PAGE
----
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Madison wrote:Another good start and yet another poor attempt at scoring runs by the D'backs.
wrveres wrote:Madison wrote:Another good start and yet another poor attempt at scoring runs by the D'backs.
Lets Go Pad' Res'
flying low and under the Radar... Bring on RJ.
TSN wrote:Scouting Report: Arizona RHP Brandon Webb
July 18, 2003
Brandon Webb RHP, Diamondbacks
2003: In his first 13 starts after coming up from Class AAA Tuscon, he went 6-2 with a 2.18 ERA. He pitched at least six innings without giving up more than three earned runs in any of those 13 starts, but he gave up four first-inning runs in his last start before the All-Star break.
2002: Was 10-6 with a 3.14 in 25 starts at Class AA El Paso and was called up to Class AAA late in the season. He pitched seven innings, allowing three earned runs, in his only start for Tucson.
Throws: Since mid-April, he has thrown one of the best sinkers in the National League. He also throws an average four-seam fastball with good downhill angle, and a 12-6/10-5 curveball that he does not yet trust. His other pitches include a backdoor slider and a circle changeup that looks like a sinker coming out of his hand. He will use this circle change for an out pitch against power lefthanders.
Velocity: His sinker tops out at 92 mph; he changes speeds effectively with the pitch. It seems most effective at 89-90 mph. At 86-87 mph, he starts to leave the sinker up. Because of his three-quarters to high three-quarters arm slot, he creates a good downhill angle on the sinker, giving it a 1- to 1 1/2-foot drop at 89-90 mph. He throws his backdoor slider at 74 mph and his circle change at 78.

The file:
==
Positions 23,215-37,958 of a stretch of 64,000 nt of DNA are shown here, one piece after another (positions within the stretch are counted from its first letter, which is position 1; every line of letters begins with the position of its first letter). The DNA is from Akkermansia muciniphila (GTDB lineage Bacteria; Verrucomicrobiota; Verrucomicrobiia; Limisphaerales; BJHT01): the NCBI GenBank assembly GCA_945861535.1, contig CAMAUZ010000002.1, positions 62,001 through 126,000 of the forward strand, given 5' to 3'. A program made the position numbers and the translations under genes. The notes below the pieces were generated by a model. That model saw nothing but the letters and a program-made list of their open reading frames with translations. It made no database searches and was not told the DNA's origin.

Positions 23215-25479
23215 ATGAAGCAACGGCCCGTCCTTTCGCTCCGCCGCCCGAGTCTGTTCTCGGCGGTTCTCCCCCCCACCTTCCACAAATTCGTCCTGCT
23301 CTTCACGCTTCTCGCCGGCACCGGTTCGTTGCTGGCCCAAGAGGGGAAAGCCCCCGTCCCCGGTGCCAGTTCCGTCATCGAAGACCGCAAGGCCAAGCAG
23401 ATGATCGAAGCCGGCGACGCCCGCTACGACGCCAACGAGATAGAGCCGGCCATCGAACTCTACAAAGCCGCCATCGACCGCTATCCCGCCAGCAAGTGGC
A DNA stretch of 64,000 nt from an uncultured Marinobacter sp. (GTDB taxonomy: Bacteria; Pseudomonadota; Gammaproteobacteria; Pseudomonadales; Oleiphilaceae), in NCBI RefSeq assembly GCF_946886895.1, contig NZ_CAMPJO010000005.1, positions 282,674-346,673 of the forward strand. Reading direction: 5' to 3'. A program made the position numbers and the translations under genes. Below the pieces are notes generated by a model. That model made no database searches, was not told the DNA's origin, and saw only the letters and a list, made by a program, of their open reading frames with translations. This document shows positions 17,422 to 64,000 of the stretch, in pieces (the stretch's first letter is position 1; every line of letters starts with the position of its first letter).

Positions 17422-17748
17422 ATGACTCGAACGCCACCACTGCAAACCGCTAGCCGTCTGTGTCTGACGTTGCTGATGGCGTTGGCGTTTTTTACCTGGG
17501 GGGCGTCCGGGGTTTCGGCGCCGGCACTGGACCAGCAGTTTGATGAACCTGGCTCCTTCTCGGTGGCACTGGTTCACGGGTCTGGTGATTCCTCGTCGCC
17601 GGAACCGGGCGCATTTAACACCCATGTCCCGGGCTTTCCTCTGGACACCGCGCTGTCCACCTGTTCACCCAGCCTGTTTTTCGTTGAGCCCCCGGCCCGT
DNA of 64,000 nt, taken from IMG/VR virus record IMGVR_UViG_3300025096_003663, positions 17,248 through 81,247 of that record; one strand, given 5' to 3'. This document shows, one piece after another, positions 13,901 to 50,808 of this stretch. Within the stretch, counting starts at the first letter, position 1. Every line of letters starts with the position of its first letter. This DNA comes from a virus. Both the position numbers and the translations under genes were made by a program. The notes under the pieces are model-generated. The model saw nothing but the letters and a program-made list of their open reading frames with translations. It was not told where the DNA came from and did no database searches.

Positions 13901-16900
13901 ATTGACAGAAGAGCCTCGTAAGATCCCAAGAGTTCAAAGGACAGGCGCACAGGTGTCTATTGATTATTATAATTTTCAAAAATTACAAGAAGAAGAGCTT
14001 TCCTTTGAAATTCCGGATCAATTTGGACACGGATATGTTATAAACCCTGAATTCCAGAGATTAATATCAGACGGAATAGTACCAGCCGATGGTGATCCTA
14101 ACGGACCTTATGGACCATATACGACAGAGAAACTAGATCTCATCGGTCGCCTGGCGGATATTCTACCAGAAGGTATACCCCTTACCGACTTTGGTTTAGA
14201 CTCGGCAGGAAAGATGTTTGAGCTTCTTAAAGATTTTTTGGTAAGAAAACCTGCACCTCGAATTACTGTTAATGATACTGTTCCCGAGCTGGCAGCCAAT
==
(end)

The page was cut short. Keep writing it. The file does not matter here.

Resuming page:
Command (on a scale of 1 to 10): 8.2.
Strengths: His sinker is heavy with exceptional drop and has so much movement it's like two different pitches. He has a consistent release point on his sinker and, as a result, has excellent command with the pitch. He shows unusual mound presence and poise for a pitcher with limited experience.
Tendencies: He works lefthanded hitters consistently hard, down and in. Around 90 pitches, he is more apt to start hitters out with a straight two-seamer. He throws first-pitch strikes and consistently gets to 1-2 and 0-2 counts. He needs to stop wasting pitches in two-strike counts. He looks equally effective against -- and aggressive against -- hitters from both sides of the plate. He can induce ground-ball outs from righthanders to the left side of the infield.
He will challenge righthanded hitters inside either up or down with his straight two-seamer. He likes to start power lefthanders down and in with the sinker and then work away. His arm speed is average to above average, with a loose delivery. He has very good wrist pop, giving him movement, and is showing endurance. He has good repetition and consistency with his release point. Because he does not feature a cut fastball, he must develop a good-quality breaking ball; in a sinkerball pitcher's case, that usually is a slider.
In Webb's case, it may be easier for him to develop his overhand curveball into a high-quality pitch. He should use his two-seam circle changeup in tandem with his sinker more. Despite his unusual two-way sinker, he needs these other pitches not only for combinations with the sinker but also for setting hitters up and for those occasions when his sinker is not working too well.
Areas of concern: He tends to hyperextend and sling from the stretch with both his sinker and four-seamer, which indicates he does not have enough confidence in his arm strength. His easy motion, however, prevents him from creating torque on his elbow when he does sling. He also tends to muscle his sinker when behind in the count from the stretch. He is vulnerable to steals because of the sinker's life.
Bottom line: If he develops a second pitch to rival the effectiveness of his sinker, he has the capability of becoming a dominating pitcher. He should not be anything less than a solid third starter on a contending team.
Because of his three-quarters to high three-quarters arm slot, he creates a good downhill angle on the sinker, giving it a 1- to 1 1/2-foot drop at 89-90 mph
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